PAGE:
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Writers in U.S. and China denounce formal arrest of Liu Xianbin

(PEN American Center/IFEX) - New York City, Beijing, July 30, 2010 - The case of writer and longtime activist Liu Xianbin was formally transferred to the Suining Municipal People's Procuratorate on July 21, 2010, invoking fears that he could face at least another decade in prison for "inciting subversion of state power" for his writings. The move is the latest in what PEN American Center and the Independent Chinese PEN Center (ICPC) note is a "dispiriting pattern of utilizing nation security laws to silence its citizens."

Liu Xianbin, a 41-year-old freelance writer based in Suining, Sichuan Province, was detained on June 28, 2010, after police interrogated him and searched his home. Fourteen police officers from the Suining City Public Security Bureau confiscated hard drives, USB devices, his bank card, and six notices from his editors regarding remuneration for several articles he published on overseas web sites. On July 5, Liu was formally arrested and charged with "inciting subversion of state power," and his case was handed over to the Procuratorate with a recommendation for prosecution. He is being held at the Detention Center of Suining City.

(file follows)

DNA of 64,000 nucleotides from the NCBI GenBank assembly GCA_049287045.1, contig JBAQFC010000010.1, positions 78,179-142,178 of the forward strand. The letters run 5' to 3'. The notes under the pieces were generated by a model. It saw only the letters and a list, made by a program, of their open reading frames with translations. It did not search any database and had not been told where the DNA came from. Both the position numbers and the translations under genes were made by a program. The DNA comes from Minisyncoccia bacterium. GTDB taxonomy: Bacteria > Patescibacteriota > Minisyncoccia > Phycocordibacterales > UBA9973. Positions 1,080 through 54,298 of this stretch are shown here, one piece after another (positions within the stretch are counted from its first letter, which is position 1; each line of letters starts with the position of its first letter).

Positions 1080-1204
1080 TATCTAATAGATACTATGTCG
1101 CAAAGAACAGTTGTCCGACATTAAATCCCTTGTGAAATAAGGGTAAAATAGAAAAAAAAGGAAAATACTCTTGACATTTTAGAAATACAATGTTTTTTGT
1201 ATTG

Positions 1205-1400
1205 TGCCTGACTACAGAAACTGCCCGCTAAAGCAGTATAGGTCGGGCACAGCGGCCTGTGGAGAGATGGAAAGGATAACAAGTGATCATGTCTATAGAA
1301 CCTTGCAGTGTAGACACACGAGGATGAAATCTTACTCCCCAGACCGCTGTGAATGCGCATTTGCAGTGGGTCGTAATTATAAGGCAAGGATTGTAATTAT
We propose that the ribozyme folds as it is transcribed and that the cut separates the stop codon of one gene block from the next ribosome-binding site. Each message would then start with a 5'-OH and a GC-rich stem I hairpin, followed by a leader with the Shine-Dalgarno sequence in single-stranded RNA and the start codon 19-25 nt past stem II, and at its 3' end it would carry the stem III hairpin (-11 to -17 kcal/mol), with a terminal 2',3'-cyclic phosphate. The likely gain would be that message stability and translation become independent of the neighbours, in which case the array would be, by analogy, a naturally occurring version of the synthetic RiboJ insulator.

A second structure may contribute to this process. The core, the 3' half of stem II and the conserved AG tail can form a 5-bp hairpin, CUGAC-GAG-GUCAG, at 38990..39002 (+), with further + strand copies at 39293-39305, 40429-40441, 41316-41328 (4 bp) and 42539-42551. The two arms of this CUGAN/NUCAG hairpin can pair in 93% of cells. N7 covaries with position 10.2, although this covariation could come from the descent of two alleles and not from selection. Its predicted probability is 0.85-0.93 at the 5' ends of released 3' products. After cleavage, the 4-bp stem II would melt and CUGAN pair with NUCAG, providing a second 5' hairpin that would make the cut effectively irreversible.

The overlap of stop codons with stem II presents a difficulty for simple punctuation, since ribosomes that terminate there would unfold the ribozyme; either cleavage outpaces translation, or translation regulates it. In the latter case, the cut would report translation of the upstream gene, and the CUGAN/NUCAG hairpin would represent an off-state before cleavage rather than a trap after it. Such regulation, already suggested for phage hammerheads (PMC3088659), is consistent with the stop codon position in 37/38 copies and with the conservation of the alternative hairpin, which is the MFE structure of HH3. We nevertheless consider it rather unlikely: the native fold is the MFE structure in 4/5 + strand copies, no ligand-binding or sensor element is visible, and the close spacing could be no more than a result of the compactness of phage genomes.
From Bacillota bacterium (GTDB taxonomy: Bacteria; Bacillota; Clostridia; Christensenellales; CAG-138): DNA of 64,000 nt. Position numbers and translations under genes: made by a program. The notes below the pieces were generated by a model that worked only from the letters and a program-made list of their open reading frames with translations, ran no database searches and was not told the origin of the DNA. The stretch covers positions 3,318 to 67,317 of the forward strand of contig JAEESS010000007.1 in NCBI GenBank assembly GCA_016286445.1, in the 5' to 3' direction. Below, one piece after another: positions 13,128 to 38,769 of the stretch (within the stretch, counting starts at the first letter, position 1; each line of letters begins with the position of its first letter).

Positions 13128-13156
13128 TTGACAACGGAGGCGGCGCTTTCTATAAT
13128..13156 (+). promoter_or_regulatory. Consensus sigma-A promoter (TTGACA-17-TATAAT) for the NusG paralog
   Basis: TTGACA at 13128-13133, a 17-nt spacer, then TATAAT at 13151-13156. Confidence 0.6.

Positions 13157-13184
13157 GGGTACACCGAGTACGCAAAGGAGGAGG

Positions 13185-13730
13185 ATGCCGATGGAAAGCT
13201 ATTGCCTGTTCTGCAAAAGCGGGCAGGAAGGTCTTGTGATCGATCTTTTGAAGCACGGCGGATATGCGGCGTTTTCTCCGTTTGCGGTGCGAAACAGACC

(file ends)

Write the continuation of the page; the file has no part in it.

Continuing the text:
Liu was first imprisoned in 1992 on charges of "counterrevolutionary propaganda and incitement" for his involvement in the 1989 pro-democracy movement, and was later sentenced to 13 years in prison for "subversion of state power" for his writing and his participation in the banned Chinese Democracy Party. He was released early, on November 6, 2008, but still faced three years' deprivation of political rights. It was during this period that Liu was active in publishing articles on overseas electronic journals.

"Once again, China seems bent on prosecuting one of its citizens simply for expressing his views in online publications," said Larry Siems, director of the Freedom to Write and International programs at PEN American Center. "Liu, who was already constrained by the previous judgment stripping him of his political rights in violation of his right to freedom of expression, appears headed toward jail once again. We strongly protest his arrest and urge the government to abandon this prosecution and restore him his full political rights."

"Liu Xianbin's case is further evidence of the continuing deterioration of the climate for the freedom to write and publish in China since Beijing hosted the Olympic Games," said Yu Zhang, ICPC's executive secretary and Writers in Prison Committee coordinator. "There are now fears that the record 11-year sentence Dr. Liu Xiaobo received for the same offense of "inciting subversion of state power" may soon be broken as Chinese authorities pursue an aggressive 'Strike-hard' policy that includes faster trials and more severe sentences. We call on the world community to press Chinese authorities to release Liu Xianbin, Liu Xiaobo, and all other imprisoned writers immediately."

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